women arise October

Women Arise : The Magnitude of the Moment

October 16, 2020

Author: Andrea Maher

I have a family portrait that was truly  picture-perfect. To this day it evokes deep emotions within me and brings me back to that special moment in time.   It was taken at my husband’s retirement party, a night filled with family, friends, and formal presentations with many accolades.  Like a circus ringmaster, it took me months to juggle a date that would allow for all four of my grown boys to be in attendance.  Throughout the evening,  I kept seeking out the photographer reminding him to not forget to take my family picture.  I parroted, “You never know when we will all be together again.”  Little did I know that just a few months later, my oldest son would die, and that picture would notably remain our last official family photo.

Pictures often tell a story in your heart.  One picture of late that was missing from all of the major news outlets was the recent gathering of 100,000 Christians in Washington DC for “The Return” with Jonathan Cahn, and Franklin Graham’s prayer march.  While the media ignored us, I am certain that God did not.  The goal of the event was to collectively, as the church, seek the face of our Father in heaven.  Like many who attended, I felt a sense of urgency to plead for mercy as my country is broken, shaken up, and worthy of judgment.

We worshipped.  We prayed.  We interceded.

We repented:  Individually.  Corporately.

The divine timing of this event could not be ignored with the passing of Judge Ruth Bader Ginsburg occurring at the beginning of the Jewish New Year.  Her death left a much-coveted seat to be filled on the Supreme Court.  And just as swiftly as the crowds huddled together in prayer, the formal announcement of her replacement was made.  It would be  a woman of faith, Amy Coney Barett.  I knew I was present in a significant moment of spiritual history.  You could feel a shift in the atmosphere.

I can’t adequately describe what it was like being around a sea of brothers and sisters, strangers, yet familial, as endless smiles and gazes into each other’s eyes confirmed we belonged to the same family—there was an unspoken unity of mind and likeness of Spirit.

So many moments brought chills to my body and piqued my spiritual wonder.

The blare of the trumpets to open up the event, and the shofars sounding off at various times, accentuating the gravity of this biblical assembly, as described in Joel 2: 15, was riveting. “Blow the trumpet in Zion, declare a holy fast, call a sacred assembly.”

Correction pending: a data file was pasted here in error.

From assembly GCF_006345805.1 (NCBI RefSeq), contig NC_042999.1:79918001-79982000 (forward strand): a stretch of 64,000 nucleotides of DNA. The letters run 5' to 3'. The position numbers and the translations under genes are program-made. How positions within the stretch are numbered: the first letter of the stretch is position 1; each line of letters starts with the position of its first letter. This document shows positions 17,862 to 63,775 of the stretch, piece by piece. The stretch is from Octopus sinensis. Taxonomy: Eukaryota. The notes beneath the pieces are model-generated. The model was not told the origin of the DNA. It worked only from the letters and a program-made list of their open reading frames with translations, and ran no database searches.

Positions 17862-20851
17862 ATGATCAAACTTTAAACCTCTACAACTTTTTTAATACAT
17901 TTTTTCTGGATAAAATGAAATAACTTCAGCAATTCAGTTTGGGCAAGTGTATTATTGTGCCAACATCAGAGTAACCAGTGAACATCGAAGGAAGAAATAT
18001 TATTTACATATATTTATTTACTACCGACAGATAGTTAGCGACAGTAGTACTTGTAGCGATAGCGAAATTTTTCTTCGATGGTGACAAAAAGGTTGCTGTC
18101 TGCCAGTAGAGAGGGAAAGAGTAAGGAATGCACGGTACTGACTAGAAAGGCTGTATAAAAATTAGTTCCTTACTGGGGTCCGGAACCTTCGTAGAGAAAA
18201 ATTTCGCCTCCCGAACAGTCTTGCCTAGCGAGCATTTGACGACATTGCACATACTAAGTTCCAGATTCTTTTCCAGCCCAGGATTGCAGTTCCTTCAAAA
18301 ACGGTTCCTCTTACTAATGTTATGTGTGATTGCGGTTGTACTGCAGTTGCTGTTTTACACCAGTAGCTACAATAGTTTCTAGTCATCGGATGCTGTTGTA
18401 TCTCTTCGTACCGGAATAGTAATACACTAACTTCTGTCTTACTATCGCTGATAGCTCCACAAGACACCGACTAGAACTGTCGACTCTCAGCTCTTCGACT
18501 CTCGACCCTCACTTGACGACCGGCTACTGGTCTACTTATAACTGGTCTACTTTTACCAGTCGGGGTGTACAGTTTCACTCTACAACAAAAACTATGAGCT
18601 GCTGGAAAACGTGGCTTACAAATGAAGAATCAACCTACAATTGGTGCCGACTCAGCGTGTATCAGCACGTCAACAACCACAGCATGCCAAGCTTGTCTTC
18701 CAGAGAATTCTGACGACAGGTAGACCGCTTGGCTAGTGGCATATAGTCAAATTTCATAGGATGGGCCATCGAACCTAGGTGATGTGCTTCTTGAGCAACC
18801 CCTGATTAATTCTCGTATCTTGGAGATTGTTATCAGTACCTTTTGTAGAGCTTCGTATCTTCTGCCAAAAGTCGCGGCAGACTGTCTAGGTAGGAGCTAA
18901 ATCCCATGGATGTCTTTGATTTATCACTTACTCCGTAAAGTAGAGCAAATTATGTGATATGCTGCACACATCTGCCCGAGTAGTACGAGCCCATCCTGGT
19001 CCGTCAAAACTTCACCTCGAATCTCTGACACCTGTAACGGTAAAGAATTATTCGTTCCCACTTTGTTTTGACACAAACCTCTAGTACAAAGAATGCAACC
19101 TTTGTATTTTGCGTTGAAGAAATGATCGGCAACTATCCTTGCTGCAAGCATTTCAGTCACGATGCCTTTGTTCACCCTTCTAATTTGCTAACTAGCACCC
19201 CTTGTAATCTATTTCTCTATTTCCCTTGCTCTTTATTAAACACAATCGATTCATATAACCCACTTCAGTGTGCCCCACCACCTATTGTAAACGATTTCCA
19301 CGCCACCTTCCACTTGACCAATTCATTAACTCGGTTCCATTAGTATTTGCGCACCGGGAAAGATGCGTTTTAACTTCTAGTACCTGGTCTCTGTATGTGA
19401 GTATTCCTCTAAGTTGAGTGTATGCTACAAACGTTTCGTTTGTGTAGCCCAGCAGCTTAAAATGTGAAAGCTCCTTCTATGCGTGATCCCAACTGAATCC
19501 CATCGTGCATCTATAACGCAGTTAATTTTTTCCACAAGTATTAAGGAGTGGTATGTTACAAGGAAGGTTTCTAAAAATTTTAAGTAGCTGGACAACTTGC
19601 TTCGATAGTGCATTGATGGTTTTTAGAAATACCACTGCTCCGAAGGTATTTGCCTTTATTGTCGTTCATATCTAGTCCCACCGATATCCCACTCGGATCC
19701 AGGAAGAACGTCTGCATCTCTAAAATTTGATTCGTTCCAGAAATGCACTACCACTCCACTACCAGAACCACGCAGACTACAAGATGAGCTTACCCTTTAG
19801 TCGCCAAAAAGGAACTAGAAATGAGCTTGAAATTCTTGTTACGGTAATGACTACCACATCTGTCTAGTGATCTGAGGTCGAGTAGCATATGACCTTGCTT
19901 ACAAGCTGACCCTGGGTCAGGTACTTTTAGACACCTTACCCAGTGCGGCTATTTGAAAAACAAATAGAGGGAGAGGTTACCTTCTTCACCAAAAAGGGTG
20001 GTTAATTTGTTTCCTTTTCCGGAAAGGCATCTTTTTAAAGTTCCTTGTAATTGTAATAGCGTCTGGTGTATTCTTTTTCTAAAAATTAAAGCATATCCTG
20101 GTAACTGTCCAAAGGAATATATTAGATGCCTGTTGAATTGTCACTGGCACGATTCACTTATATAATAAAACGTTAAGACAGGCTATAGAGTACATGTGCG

On Friday evening,  it was raining.  You could see the constant stream of rain in the background of the Jumbotron during various speeches, yet oddly, we were not getting wet. Immersed in worship and prayer, none of our group mentioned it, until we were on our way back to the hotel.  And then we were collectively like, what just happened?

Rabbi Jonathan Cahn pressed in on a powerful message comparing our nation’s actions to the apostasy of ancient Israel.    He said, “We too have turned away from the God of our foundation, have estranged ourselves from Him.  We drove God out of our hearts, out of our government, out of our ways…out of our lives.  And as we drove Him out, we opened up a vacuum into which came a flood of other gods: prosperity, comfort, sexual immorality and obsession. We too have become our own gods.”  He called for repentance.  And then he dramatically smashed a clay vessel mimicking the scene of the prophet Jeremiah in the Valley of Ben Hinnom.

Rabbi Cahn repeatedly called us to, “RETURN, RETURN.”  He asked everyone to kneel on the ground in corporate prayer.  That visual alone, thousands of people collectively on bent knees, had tears falling from my eyes to the already wet ground.  Fervent intercession took place as he pled, the voice of God is calling out for a RETURN.  He continued, “It is through shaking that revival comes and through the shaking of a nation the people of God must shine.”  And at that very precise moment, the heavens literally thundered.  Then he recited Joel—“It shall come to pass in the last days that I shall pour out my spirit..” and it thundered again.  Such a holy moment.

Meanwhile Franklin Graham’s prayer vigil was led by prominent Christian leaders around our country.  They stopped at 7 key points on the mall to pray specific prayers finishing up at the US Capital. Everywhere you looked there were large gatherings of people, some  randomly praying in groups, some with arms linked, some on their knees, some stretching their hands over monuments and statues facing the Capital.  The magnitude of this in in the spiritual realm was stirring.

I have my own personal photo taken of this day, and I know when I look back at it in the future, the supernatural moments will be freeze framed in my mind.   I also believe, like my own family portrait, that “you never know when we will all be together again,” or more importantly whether we, as God’s children, fully understand the magnitude of the moment we are living in right now.

So, I plea, Women Arise!  May God hear our prayers and heal our land.

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Andrea Maher is the former editor-in-chief of PARENT ABC’S a monthly magazine.  Her writings have been featured in local newspapers and parenting publications nationwide. She is the author of SLAMMED:  Overcoming Tragedy in the Wave of Grief, and had her book selected as FAITHBOX book of the month.

She is the executive director of the Be Still Foundation, a ministry that disseminates hope and encouragement to families in crisis.  She has been married to her husband John for 43 years and has four children, and 8 grandchildren.

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